Tennessee coach Josh Heupel is known for his innovative offense that has produced the most points and yards per game in the country.
However, in the No. 3 Vols’ (8-0, 4-0 SEC) 44-6 destruction over No. 19 Kentucky (5-3, 2-3 SEC), it was the defense that stole the show.
“Defensively, I thought we did an unbelievable job controlling and dominating the line of scrimmage,” said Heupel. “We did a great job of matching out guys on the backend. We played real ball tonight, and it was suffocating defense. It was fun to watch those guys.”
A key to Tennessee’s defensive success was creating turnovers. Wildcat quarterback Will Levis came into the game as a projected top-draft pick but left with three interceptions.
Playing a large hand in two of the turnovers was Doneiko Slaughter. Early in the second quarter, Kentucky trailed by 14 with the ball in the red zone. However, Levis attempted a short pass that was blown up with a monster hit by Slaughter. The ball popped into the air and was intercepted by Juwan Mitchell who returned it across the 50-yard line.
Then, in the third quarter, Slaughter added more salt to the Wildcats’ wounds by making an acrobatic grab to give the Vols the ball back with a 24-point lead.
Sandwiched between Slaughter’s pair of impressive plays was another interception by Brandon Turnage earlier in the third quarter.
Wesley Walker also put together one of his best games as a Vol by recording three tackles for loss. Trevon Flowers, Jaylen McCollough and Tamarion McDonald got their hands on passes for breakups, as well.
Besides this stellar play from a previously struggling secondary, Tennessee’s pass rush was instrumental in halting Kentucky’s attack.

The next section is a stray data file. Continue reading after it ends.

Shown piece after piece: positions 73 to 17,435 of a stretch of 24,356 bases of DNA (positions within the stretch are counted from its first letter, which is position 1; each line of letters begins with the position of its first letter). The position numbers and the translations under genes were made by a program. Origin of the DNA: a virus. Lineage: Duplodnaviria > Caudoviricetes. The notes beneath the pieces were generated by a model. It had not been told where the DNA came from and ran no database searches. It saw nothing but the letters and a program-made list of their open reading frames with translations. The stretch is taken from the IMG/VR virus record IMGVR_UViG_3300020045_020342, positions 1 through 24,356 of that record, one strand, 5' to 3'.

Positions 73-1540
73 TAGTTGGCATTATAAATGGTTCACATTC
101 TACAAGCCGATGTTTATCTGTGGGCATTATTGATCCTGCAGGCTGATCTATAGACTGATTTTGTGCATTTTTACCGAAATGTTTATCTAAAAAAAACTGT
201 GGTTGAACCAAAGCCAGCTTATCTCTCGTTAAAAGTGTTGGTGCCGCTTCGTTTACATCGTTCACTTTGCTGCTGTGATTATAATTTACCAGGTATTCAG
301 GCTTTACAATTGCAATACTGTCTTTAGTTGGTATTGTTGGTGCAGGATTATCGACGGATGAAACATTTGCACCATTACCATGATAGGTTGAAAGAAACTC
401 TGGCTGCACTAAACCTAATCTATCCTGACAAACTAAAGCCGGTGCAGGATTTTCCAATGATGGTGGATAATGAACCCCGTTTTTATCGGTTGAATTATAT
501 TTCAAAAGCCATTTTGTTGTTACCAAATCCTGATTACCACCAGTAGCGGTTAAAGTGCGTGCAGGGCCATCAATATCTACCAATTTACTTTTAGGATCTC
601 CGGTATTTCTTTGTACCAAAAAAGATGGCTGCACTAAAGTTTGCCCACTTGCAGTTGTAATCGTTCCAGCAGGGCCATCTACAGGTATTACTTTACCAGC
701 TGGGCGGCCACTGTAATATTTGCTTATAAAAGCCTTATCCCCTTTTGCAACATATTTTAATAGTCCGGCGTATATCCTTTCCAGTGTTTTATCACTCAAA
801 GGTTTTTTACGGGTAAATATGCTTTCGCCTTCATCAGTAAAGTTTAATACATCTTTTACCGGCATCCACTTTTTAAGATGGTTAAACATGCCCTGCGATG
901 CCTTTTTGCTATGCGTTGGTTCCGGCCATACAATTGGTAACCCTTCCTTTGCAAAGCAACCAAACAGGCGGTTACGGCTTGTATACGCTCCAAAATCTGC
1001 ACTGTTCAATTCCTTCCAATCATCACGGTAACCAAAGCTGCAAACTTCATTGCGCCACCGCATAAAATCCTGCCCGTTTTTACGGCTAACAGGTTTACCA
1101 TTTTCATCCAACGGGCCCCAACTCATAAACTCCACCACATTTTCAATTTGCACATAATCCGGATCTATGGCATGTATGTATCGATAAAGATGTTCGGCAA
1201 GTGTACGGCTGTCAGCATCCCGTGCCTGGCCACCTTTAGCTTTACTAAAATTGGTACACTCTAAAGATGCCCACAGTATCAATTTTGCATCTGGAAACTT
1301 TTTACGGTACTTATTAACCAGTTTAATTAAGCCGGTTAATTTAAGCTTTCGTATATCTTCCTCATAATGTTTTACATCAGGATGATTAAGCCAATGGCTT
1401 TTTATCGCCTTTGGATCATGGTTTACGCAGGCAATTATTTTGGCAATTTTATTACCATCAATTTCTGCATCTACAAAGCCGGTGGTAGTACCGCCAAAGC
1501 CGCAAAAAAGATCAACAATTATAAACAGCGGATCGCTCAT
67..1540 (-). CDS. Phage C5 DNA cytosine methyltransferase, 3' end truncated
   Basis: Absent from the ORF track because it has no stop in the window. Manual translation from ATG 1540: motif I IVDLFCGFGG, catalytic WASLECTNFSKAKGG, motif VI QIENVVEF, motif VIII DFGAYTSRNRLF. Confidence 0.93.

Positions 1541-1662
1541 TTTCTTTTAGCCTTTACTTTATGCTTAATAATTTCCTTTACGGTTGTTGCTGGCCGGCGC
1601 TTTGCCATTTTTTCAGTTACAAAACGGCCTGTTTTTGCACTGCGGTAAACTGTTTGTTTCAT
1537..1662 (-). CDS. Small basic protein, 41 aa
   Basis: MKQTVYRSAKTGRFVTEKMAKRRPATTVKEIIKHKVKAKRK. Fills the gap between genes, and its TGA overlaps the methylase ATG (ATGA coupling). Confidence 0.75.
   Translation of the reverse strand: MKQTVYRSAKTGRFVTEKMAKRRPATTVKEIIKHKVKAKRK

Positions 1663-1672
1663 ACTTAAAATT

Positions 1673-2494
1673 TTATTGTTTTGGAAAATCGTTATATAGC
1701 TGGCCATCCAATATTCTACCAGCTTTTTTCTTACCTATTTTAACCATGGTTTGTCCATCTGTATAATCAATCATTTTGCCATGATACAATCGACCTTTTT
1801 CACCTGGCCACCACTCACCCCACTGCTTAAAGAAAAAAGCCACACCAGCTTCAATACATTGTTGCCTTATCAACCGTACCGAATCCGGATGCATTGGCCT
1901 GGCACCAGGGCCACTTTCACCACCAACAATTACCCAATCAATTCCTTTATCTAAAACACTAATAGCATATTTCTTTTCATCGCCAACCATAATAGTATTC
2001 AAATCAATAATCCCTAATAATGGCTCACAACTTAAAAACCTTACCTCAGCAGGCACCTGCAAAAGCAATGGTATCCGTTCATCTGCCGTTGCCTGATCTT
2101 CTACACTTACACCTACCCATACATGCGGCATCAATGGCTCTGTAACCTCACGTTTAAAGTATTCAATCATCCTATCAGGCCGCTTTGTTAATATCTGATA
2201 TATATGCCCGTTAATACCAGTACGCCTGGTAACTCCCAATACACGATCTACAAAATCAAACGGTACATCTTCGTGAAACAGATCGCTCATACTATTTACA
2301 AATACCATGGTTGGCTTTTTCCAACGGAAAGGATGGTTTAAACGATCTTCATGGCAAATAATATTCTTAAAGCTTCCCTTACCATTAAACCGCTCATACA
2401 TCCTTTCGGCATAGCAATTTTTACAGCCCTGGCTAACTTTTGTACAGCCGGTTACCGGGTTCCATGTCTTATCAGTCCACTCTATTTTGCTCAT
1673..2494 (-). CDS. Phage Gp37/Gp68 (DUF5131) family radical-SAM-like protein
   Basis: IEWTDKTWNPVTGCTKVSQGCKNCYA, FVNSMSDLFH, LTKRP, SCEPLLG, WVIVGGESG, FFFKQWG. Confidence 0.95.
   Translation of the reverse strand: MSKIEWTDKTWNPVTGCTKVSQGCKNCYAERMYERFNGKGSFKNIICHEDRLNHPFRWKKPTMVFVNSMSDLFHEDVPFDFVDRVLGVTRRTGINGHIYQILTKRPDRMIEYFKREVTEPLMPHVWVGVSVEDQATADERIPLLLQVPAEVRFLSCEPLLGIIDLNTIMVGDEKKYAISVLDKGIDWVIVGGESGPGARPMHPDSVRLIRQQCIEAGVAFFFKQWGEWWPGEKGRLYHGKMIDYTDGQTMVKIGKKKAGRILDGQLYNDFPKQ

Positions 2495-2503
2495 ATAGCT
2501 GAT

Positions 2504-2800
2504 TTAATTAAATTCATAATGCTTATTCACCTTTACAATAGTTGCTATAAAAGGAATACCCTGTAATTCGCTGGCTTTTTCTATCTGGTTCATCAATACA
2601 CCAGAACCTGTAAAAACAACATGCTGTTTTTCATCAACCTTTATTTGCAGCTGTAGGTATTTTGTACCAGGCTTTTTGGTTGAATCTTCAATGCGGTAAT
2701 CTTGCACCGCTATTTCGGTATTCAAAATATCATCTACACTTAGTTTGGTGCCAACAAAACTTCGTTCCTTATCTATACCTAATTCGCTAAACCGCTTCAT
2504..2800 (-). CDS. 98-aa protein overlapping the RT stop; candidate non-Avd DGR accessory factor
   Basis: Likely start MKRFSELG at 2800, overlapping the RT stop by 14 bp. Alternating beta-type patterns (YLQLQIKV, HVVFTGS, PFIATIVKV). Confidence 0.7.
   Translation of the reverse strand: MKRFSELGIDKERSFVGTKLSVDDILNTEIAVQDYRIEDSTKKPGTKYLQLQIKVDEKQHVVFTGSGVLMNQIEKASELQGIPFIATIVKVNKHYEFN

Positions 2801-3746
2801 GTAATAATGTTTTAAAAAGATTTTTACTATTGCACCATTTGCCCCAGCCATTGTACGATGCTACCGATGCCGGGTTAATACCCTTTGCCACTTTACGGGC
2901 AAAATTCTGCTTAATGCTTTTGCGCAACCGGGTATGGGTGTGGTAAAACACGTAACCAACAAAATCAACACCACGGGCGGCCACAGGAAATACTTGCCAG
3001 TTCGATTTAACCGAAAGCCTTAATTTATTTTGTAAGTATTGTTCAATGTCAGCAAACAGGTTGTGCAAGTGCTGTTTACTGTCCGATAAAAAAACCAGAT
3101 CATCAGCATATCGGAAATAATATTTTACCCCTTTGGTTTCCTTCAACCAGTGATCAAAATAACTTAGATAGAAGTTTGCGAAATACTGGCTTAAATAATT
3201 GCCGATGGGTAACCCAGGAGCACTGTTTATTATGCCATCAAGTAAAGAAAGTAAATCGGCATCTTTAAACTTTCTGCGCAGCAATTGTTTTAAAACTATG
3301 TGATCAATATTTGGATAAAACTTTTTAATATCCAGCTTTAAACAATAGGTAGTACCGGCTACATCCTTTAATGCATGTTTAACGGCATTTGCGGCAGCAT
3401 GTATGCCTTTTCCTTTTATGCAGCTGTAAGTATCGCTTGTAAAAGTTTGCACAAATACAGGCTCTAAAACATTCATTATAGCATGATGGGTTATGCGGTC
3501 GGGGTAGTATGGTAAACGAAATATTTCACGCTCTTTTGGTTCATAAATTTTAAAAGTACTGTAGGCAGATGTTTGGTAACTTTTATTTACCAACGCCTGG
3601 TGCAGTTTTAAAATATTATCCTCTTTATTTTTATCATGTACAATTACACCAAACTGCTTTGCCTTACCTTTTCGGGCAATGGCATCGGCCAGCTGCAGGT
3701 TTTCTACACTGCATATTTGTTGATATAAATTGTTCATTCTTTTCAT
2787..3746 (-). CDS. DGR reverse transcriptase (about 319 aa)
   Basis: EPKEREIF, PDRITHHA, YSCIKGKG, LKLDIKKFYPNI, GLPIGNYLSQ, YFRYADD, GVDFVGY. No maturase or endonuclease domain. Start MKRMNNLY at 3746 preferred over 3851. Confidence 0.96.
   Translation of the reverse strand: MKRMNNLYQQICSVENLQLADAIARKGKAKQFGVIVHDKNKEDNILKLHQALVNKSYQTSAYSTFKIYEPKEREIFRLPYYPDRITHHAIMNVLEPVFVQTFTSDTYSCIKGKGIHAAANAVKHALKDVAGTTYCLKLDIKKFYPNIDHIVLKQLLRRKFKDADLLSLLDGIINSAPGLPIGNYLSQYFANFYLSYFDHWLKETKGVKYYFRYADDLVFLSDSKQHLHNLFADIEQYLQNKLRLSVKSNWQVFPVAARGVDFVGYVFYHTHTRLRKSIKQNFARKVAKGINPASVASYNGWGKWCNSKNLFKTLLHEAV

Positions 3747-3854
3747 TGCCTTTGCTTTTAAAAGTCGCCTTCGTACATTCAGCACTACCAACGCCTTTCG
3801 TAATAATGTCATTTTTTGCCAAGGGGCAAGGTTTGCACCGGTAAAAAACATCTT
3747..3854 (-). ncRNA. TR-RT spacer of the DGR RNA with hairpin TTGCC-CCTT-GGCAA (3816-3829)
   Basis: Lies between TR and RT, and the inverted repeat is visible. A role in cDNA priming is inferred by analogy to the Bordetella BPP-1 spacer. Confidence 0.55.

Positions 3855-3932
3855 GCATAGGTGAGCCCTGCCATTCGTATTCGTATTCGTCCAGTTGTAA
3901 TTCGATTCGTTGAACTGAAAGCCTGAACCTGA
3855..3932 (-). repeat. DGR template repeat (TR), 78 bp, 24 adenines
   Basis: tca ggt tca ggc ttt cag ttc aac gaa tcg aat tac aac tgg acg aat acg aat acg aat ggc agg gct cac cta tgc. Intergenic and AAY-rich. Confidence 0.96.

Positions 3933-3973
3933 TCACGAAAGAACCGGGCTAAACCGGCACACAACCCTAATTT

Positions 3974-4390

The defensive front got to Levis for four sacks and slung down ball carriers for eight tackles for loss. They also hurried Levis four times.
Byron Young stood out among the group of impactful players with 1.5 sacks and four tackles.
“We knew off-rip that we would have to stop the run to even get that chance for (Levis) to pass,” said Young. “So, our game plan was to shut down the run to force him to pass, and then next to shut that down. That is what we did, and we came out with a win.”
This special play from the entire defensive unit is exemplified by holding Kentucky to an abysmal 2-for-13 third down conversion rate. This forced the Wildcats to punt six times on top of their turnover struggles.
The six points allowed against the Wildcats is tied for the least amount Tennessee has surrendered this season. The lone score of the game came on Kentucky’s second drive through a Chris Rodriguez touchdown rush. The following extra point was blocked cementing the score at six.
This caliber of special team play was on display all night alongside the stifling defense. Punter Paxton Brooks landed two of his three punt attempts inside the Kentucky three-yard line with the other going for over 50 yards.
On punt return, Dee Williams took his pair of returns back for an average of 22 yards setting up the Vols in great field position.
“Special teams did a great job,” said Heupel. “They created plays in the early part of the season through the return game. Our guys did a great job. Paxton Brooks was awesome all night long and our cover units too.”
Next up for Tennessee is a huge matchup with No. 1 Georgia in Athens. ESPN’s College GameDay will be in attendance as the Vols moved up to a tie for No. 2 in the AP Poll creating a rare one vs. two affair. The game will air on CBS and kick-off is at 3:30 EST.
Ryan Sylvia is the Sports Editor at TNJN. He is a senior at the University of Tennessee, Knoxville majoring in journalism and electronic media. Although he spent most of his life being raised outside of Philadelphia, he was born in Knoxville, and he is happy to be back home. Ryan has had a love for sports from an early age, and he found his love for writing in high school while taking journalism classes. He hopes to find a job involving both his passions as a sports journalist after graduation. To reach Ryan, email him at firstname.lastname@example.org